January 12 – The best laid plans of mice and men…

"To a Mouse" by Robert Burns

“To a Mouse” by Robert Burns

Our church offers a children’s program, AWANA, on Sunday nights and Ana truly enjoys attending. However, her behavior keeps her from participating in most of it. For the past year a volunteer with the church’s special needs program has been her aide and all has gone mostly well. Unfortunately, the aide’s son has his own special needs and she can no longer leave him alone to help Ana, putting us back at square one.

I will interject that the AWANA curriculum is great for typically developing (TD) kids, but not so hot when one puts on their special ed glasses. Each evening is broken down into three activities (each lasting about twenty minutes): lesson, games, Bible verse memorization and recitation. Kids are in classes based on grade and by gender in the upper elementary grades.

AWANA always begins with everyone (three years old through fifth grade) together in a large room. In our church that is usually about 75 kids. They hear announcements, sing a few songs, learn a silly dance, award winners (for verse memorization) are announced and then they are dismissed to rotate through the three areas.

The time frame for the entire night is one hour and 45 minutes.

Problems Ana encounters:

1) There are WAAAAAAY too many transitions for such a short amount of time. We’re talking five transitions!
2) The games are in a gym with about thirty to forty 8-11 year olds (sensory overload big time) and are not disability friendly so Ana can’t play. She has to sit to the side and watch while being bombarded with kids screaming and running in a small gym with no windows.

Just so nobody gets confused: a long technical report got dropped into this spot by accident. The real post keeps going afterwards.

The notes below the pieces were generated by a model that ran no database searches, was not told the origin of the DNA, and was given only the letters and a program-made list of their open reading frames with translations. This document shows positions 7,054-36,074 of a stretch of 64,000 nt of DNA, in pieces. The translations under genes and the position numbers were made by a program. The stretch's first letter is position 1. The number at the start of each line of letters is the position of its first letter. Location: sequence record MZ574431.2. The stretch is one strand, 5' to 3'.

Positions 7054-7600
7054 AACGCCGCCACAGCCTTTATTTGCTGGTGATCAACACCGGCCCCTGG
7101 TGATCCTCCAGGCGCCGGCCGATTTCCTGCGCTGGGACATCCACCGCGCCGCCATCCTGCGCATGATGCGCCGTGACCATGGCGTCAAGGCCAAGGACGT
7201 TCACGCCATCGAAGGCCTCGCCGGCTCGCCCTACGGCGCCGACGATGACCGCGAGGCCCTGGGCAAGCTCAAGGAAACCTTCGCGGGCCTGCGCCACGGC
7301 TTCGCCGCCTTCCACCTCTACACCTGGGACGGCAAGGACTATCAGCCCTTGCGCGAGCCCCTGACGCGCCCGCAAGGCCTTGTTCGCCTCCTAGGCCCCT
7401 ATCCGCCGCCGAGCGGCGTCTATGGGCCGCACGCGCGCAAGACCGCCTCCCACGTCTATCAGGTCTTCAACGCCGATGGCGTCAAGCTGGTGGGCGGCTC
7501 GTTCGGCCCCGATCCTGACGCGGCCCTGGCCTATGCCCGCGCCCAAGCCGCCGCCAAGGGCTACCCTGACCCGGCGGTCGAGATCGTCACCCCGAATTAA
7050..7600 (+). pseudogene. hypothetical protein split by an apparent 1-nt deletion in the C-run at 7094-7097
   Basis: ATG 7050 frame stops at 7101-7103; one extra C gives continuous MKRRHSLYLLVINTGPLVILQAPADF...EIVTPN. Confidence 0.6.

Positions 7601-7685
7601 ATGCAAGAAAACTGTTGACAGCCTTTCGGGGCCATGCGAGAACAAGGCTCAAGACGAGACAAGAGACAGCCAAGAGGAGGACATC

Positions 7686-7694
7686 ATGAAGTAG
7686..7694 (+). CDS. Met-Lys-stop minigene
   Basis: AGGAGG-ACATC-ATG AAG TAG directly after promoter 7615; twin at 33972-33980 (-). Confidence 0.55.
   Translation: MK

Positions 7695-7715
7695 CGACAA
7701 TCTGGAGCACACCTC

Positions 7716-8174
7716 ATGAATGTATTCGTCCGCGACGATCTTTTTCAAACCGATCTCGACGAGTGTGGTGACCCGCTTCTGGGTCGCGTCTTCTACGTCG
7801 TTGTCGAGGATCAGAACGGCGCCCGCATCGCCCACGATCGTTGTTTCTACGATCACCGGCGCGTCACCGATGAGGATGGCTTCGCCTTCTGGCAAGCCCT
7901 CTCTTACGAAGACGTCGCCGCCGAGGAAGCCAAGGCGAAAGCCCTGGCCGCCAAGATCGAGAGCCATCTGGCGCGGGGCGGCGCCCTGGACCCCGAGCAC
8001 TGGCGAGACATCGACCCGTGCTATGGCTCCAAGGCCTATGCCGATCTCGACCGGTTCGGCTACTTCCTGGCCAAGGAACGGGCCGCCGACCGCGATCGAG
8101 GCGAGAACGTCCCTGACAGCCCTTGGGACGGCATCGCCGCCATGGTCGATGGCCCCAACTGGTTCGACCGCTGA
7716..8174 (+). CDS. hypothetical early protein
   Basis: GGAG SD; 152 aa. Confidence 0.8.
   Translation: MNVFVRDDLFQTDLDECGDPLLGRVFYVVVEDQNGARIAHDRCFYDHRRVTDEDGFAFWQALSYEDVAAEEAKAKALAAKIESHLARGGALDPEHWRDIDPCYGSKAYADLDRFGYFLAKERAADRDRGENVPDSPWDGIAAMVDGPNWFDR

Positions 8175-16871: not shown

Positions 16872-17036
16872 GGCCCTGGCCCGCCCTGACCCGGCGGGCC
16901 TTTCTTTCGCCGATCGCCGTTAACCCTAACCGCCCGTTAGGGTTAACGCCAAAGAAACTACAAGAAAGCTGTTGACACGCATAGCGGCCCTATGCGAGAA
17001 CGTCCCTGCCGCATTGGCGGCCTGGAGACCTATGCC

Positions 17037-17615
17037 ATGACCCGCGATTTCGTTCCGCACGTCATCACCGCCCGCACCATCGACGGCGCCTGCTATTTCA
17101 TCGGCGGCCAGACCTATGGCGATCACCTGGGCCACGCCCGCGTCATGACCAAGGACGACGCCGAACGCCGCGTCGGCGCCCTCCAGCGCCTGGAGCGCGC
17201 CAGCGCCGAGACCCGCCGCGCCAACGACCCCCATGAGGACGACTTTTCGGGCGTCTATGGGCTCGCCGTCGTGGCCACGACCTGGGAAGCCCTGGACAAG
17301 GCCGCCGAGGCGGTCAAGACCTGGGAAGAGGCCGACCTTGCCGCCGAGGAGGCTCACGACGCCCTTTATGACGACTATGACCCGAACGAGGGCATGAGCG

3) The curriculum is very abstract and assumes that kids have been immersed in Scripture since birth. Not only does this exclude kids new to church, but it also excludes kids with learning differences or delays.
4) There is a LOT of unstructured time. This does not work so well with a lot of kids – not just Ana.
5) The more Ana acts like a goof the more kids stare at her. The volunteers are not trained in special ed and have no idea how to handle social situations with a special needs kid.

Now that you understand the limitations to AWANA, I’ll admit that it is a great way for churches to reach elementary age kids and engage them in fun Christian studies.

As long as you’re TD.

So, knowing the reality of AWANA and wanting Ana to be successful I spent all Sunday afternoon adapting her lesson, putting her Bible memory verse on the iPad and working up a successful behavior management plan. She has a new assistant working with her (from her school so she is not NEW new) and I wanted everything to be in place so that Ana could have a great night.

We pumped her up about how awesome she was going to do. She was excited because she was going to totally nail her Bible verse. She even chose her reward for good behavior.

Then we left the house.

It started falling apart in the car. For whatever reason Ana started talking about going to Daddy’s house. I tried to shut her down but to no avail. Next came the screaming. I told her if she was going to be loud she couldn’t stay at AWANA. That did nothing but further tick her off.

I couldn’t turn around and go home because Drew was in the car and I had to drop him off. When we got to church I told her she had one more chance to stay at AWANA. That was met with screaming, kicking, and threats to hurt her siblings. It got so bad I had to restrain her in front of all of her peers and she still managed to get in a good head-butt.

To say the least we went home.

I dropped her off with my husband to deal with her. I HAD to take a break. She continued the fit.